Student internships are structured so that students develop their project proposals only after living with a rural and/or marginalized community for about a month. They are encouraged to develop their projects with community members so that they can use their skills to answer real needs and be receptive to local knowledge to accomplish their goals. Generally, student projects promote economic development, community health, and legal rights, among other types of service. After developing their proposals, students return to their communities for 480 hours of internship service.

Through support from AGEMTE and by following the methodology Emmanuel has developed to work with communities, students have had some remarkable successes. Examples include: Obtaining legal rights to land for the Praia de Campina community; helping with agricultural reform in the Cruz de Espirito Santo Municipality; and creating a new university campus on the north coast of Paraiba. More importantly, students (often from privileged backgrounds) are transformed by a new understanding of poor communities in their country and a new orientation towards their roles and responsibilities in society. They become agents of change.

Part of the internship experience is for students to bring what they’ve learned from their communities to the university. They create course content for other students that is founded in popular knowledge and tradition, and often bring community members to the universities to teach courses. For example, a shrimp farmer might teach his sustainable farming techniques to an agriculture class. The universities’ give community teachers formal certificates in their trade, which for Emmanuel is an important way to validate local, cultural knowledge as a complement to curricula based in Western science.

Emmanuel’s work advanced significantly when the University of Paraiba approved the student internships and community exchange as part of the official curriculum. The program was popular, and students became the program’s best advocates. Students from other universities started coming to the University of Paraiba to enroll in AGEMTE’s community service internship course. Over ten years, the program received over 1,500 students from all over Brazil. When they returned to their universities, these students pushed for the establishment of the internships and the insertion of traditional community knowledge into the curriculum in their schools; these efforts have also been enthusiastically supported by a growing number of citizen groups. AGEMTE operates in six public universities, including the large and prestigious, University of São Paulo. as well as four universities that are independently replicating the model. Emmanuel is also piloting a replication in a private university, adapting the structure of the program to fit a different system.

Emmanuel is gaining momentum expanding his model across Brazil. Since there is currently much conversation in Brazil about the need to improve higher education, the timing is good. With the internship program so popular with students, public universities are finding that they can increase their status by adopting it. In addition, Emmanuel advocates for the concept with professors and deans in many universities, and has taken his idea to the national forum of deans of universities across Brazil. In many cases, universities have simply not known how to implement service learning, so there is great value in offering a tested structure and methodology.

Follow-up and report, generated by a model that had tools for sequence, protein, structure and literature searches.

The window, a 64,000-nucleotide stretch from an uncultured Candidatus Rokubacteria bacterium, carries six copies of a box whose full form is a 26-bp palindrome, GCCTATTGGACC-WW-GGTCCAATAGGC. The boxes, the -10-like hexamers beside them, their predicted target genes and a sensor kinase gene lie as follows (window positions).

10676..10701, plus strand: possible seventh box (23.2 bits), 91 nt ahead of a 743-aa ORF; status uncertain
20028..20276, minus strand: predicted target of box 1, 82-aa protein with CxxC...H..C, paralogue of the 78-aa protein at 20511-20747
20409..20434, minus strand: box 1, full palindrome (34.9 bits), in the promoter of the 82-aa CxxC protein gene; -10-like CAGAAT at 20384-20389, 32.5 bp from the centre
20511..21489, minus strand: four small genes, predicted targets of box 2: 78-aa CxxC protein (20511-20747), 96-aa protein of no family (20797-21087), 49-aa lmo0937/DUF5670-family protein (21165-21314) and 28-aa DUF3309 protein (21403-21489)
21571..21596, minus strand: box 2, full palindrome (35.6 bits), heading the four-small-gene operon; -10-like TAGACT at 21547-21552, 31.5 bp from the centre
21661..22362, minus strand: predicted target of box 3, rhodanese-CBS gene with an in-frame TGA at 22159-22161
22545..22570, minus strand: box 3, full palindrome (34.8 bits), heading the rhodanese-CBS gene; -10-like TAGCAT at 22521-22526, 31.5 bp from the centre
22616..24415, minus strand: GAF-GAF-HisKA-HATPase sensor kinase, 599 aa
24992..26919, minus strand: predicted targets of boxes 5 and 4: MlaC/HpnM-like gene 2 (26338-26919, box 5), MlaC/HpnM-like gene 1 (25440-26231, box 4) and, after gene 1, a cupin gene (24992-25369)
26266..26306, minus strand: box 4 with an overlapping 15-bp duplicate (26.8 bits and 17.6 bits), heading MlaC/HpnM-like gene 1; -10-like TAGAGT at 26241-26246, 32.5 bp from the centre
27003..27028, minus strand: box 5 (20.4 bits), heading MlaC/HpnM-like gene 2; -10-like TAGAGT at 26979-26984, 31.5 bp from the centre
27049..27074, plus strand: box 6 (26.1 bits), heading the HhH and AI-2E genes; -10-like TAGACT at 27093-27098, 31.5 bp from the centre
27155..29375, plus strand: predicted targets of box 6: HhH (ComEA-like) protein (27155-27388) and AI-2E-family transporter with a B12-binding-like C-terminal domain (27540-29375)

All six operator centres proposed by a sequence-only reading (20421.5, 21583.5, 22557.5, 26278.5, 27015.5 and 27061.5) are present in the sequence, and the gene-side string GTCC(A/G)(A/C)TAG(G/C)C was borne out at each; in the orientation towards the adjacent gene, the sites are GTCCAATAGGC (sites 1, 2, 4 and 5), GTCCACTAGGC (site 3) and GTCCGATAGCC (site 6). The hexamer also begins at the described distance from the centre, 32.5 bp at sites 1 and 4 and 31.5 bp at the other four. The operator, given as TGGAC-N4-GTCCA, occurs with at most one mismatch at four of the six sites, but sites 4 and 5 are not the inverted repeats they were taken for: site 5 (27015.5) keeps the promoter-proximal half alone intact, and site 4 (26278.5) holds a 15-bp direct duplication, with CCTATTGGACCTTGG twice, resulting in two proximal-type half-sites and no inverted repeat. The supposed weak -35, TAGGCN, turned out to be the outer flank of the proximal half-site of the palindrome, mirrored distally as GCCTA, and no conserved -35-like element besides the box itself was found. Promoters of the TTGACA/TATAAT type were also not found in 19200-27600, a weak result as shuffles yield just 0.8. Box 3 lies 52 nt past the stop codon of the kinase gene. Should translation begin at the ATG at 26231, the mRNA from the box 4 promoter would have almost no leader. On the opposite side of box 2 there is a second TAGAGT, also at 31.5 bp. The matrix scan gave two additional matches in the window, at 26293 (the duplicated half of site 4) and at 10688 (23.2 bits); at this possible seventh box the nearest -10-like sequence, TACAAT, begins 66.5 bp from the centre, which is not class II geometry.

Emmanuel’s current goal is to create fifteen Popular University Centers (CUPs) in universities across the country that can serve as hubs for students from the surrounding regions to participate in his community service internships and bring community knowledge to their school curricula. CUPs operate under the auspices of universities but with considerable autonomy, both in programs and fundraising. Citizen sector groups have developed partnerships with AGEMTE and CUPs which is helping to open other doors and provide more credibility and support for these bridge-building efforts.


Emmanuel comes from a humble background in the northeast, and his parents played an important role in shaping his future interests. His father was a nurse who felt it valuable to incorporate local knowledge into health care. His mother encouraged Emmanuel’s interest in food and agriculture, which later led him to look at problems of hunger.

Emmanuel entered the School of Mechanical Engineering of the Federal University of Paraiba, but the premature death of his older brother forced him to abandon school to work full-time. During this time, he volunteered at a community hospital. When Emmanuel returned to school, he enrolled in a new course on nutrition with a notion to fight malnutrition. But his studies were technical and based on research far removed from issues of hunger and the nutrition programs he knew were needed by the communities in which he had volunteered. He began to think about service learning as a way to tie classroom learning with practical applications to benefit people.

Emmanuel’s first service learning project was his own: To promote alternative income generation activities for the coastal community of Costinha after it was forced to stop hunting whales. Though Costinha was confronted with serious social problems, including widespread hunger, Emmanuel was ineffective to help because he was using university methods not grounded in the realities of life in the local communities. He researched and created his own methodology to work with communities.

Emmanuel learned of the many efforts over the past one hundred years to have universities reach out to poor, rural communities and he became convinced he could build bridges between the two worlds. He offered a few students in-depth experiences in rural communities and had to overcome huge obstacles in the communities and the university. It took him more than ten years to overcome these obstacles and create a successful, replicable model. His students were his most enthusiastic and effective advocates, beginning in the communities where it took an average of four years to gain trust and confidence. Then, university deans had to be persuaded to make service learning part of the curriculum, while not smothering it in university bureaucracy.

Emmanuel has built a successful model in Paraiba and has begun to expand his approach to ten other universities. He will not rest until he builds robust and sustainable bridges between universities throughout Brazil and poor, rural communities, which transforms and improves both.